Voting Machine Errors In Ohio
from the whoops dept
Marren writes “An error with an electronic voting system gave President George W. Bush 3,893 extra votes in suburban Columbus, elections officials said. Franklin County’s unofficial results had Bush receiving 4,258 votes to Democrat John Kerry’s 260 votes in a precinct in Gahanna. Records show only 638 voters cast ballots in that precinct.” Whoops. No matter what side you’re on in the election, this just looks bad. Yet, the electronic voting folks are still claiming this election shows that their stuff works. The one thing you can say is that, at least this issue was discovered.
Comments on “Voting Machine Errors In Ohio”
As a former voter in Franklin County where Gahanna is located, I have to wonder if this isn’t truly a human screw-up, not a machine screw-up. IIRC, these machines have been in use since at least the ’90 election. These are not “new” machines that haven’t been tested. We’re going at least 14 years, twice a year in use.
plling vs. electronic in the swing states
Ohio, florida and Nex Mexico all used electronic mahcines that don’t have paper trails. All 3 states exit pulls did not align with with precent reports putting bush ahead. The majority (I want to say all, but I havn’t checked personaly) of states that used machines with paper trails or no machines all aligned with the exit polls… I’m not a tinfoil hat kind of guy but it has got to make you wonder…
Some interesting 'facts'?
Just saw some interesting info on our e-voting system at http://www.blackboxvoting.org
Re: Some interesting 'facts'?
Yeah, we shold go back to non-machine voting or ballot boxes where there is never any errors.
The funny thing about Mike is that in other areas he talks about how technology isn’t perfect, but better than the alternative. While computer voting certainly isn’t perfect, I think an argument can be made that – at least – it isn’t any worse than the alternatives.
Re: Re: Some interesting 'facts'?
at least have some strict auditable open standards for e-voting. far easier then and more precise then paper-voting, but also too much room for fraud if not kept in check
Re: Re: Re: Some interesting 'facts'?
Can you back up these claims of ‘far easier’ and ‘more precise’?
Germany has enjoyed exit polls matching civil servant counted and party monitored hand-counted ‘x marks the spot’ results for many decades. very little overtime is involved and exit polls are reliable enough to call elections ahead of final counts.
hand-counted ‘x-marks the spot’ ballots leave no room for ambiguity, are cheap, quickly processed and have not produced results that differ from exit polls by more than 0.2% in many decades.
so if you would please elaborate on your claims, i’d appreciate. if further you have any breakthrough information on how adding complexity to a simple system makes it in any way more reliable, faster, better, cheaper, i’m sure you could receive prizes in the field of systemantics.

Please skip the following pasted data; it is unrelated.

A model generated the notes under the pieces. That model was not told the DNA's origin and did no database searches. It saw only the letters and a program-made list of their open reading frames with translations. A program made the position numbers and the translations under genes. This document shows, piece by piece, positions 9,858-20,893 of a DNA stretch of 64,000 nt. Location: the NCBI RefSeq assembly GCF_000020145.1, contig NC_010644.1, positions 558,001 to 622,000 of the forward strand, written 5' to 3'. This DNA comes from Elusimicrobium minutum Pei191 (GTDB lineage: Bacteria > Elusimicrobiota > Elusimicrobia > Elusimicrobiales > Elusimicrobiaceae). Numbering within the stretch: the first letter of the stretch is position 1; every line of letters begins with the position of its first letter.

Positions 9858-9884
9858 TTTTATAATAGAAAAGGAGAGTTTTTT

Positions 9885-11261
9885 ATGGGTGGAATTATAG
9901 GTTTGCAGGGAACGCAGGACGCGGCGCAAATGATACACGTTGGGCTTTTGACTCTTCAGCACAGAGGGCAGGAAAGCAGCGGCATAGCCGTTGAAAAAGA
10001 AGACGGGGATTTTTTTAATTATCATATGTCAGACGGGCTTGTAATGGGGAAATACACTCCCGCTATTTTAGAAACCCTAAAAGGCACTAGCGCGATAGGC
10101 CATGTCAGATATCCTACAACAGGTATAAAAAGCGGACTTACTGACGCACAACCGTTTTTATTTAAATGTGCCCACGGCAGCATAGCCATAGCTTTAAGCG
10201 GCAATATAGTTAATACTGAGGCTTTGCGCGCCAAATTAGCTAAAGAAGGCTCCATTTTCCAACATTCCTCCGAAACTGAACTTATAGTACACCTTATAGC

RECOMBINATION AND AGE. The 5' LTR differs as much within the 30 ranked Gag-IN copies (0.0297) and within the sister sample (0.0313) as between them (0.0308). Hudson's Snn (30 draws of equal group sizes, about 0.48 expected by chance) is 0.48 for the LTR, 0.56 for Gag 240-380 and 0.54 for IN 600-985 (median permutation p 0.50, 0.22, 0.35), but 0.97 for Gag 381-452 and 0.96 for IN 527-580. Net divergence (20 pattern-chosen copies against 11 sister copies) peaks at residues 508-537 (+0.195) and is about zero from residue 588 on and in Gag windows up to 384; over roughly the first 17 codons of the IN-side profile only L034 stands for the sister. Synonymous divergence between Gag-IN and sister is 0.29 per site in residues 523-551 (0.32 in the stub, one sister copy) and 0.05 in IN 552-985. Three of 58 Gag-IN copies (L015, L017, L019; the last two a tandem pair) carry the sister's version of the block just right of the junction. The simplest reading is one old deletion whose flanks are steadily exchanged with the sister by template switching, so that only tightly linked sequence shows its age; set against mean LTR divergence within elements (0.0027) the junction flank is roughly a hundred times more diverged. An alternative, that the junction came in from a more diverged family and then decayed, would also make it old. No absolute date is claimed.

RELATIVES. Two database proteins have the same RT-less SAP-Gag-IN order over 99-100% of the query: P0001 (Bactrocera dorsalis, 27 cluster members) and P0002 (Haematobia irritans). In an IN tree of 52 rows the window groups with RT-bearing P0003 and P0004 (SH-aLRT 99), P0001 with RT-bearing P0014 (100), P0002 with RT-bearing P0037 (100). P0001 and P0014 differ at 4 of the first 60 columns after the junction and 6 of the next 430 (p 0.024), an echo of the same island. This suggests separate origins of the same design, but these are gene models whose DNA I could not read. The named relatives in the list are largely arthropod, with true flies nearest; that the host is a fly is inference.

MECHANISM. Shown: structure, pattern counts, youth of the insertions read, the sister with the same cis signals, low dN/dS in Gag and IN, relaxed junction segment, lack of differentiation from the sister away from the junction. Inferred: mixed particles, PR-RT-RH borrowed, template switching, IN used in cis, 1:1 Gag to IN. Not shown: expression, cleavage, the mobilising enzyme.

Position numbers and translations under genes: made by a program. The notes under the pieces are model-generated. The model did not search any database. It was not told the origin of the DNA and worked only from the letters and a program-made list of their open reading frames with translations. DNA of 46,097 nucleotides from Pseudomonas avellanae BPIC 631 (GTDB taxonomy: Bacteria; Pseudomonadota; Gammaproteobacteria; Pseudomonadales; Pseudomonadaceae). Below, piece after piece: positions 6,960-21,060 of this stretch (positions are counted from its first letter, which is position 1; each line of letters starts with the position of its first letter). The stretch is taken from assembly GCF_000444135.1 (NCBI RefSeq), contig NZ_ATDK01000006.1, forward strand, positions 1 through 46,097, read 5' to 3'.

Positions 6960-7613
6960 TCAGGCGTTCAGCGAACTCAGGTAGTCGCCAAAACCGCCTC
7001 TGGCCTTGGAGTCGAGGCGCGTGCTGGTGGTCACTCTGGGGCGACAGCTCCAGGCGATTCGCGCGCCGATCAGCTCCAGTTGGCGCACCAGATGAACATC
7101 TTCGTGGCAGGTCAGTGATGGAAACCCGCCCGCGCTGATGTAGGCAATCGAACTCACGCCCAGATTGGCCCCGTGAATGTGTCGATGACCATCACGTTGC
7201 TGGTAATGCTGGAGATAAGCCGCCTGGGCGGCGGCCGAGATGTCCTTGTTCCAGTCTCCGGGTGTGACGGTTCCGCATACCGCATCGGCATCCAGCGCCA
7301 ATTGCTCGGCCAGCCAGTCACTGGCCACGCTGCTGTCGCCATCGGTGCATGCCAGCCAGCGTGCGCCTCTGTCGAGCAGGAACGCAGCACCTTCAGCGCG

Re: Re: Re:2 Some interesting 'facts'?
I can back up these claims based on experience.
‘more precise’ = with an electronic system the error rate should be no more then 0.00% there is no excuse for error plain and simple.
The problem is exactly as you put it ‘adding complexity’ there is absolutely no reason why an e-voting system needs to be more complex, the reason we would think of an electronic voting system would be to remove the complexities; handling boxes (why do i keep hearing bags?) of paper, hand counting millions of ballots, etc. etc. etc.
Let?s face it; a voting system is incredibly simple compared to the vast majority of IT projects I?ve dealt with. You primarily have 2 main issues (that don?t take much to sort out) 1 being the interface (it doesn’t haft to be a touch screen or something complicated, how about modeling it after an ATM machine for example?), and 2 being redundancy. And of course security goes without saying.
I recently did some calculations on a e-voting system. And the price per voting booth (including an auditable paper-trail verifiable by the voter him/herself), using hardy proven equipment. and there is no reason it should cost more than 1-2k a booth (including all software and completely based on open systems that can be independently audited and verified) and that?s using prices I can get stuff for (multiply that by however many units you require and you can axe that price down)
And then I ask WHY we use voting machines from companies run by persons with strong ties to a particular party, that run a custom operating system from another politically connected company, with voting software from yet another politically connected company. That are so complex that they have endless line of ?Glitches??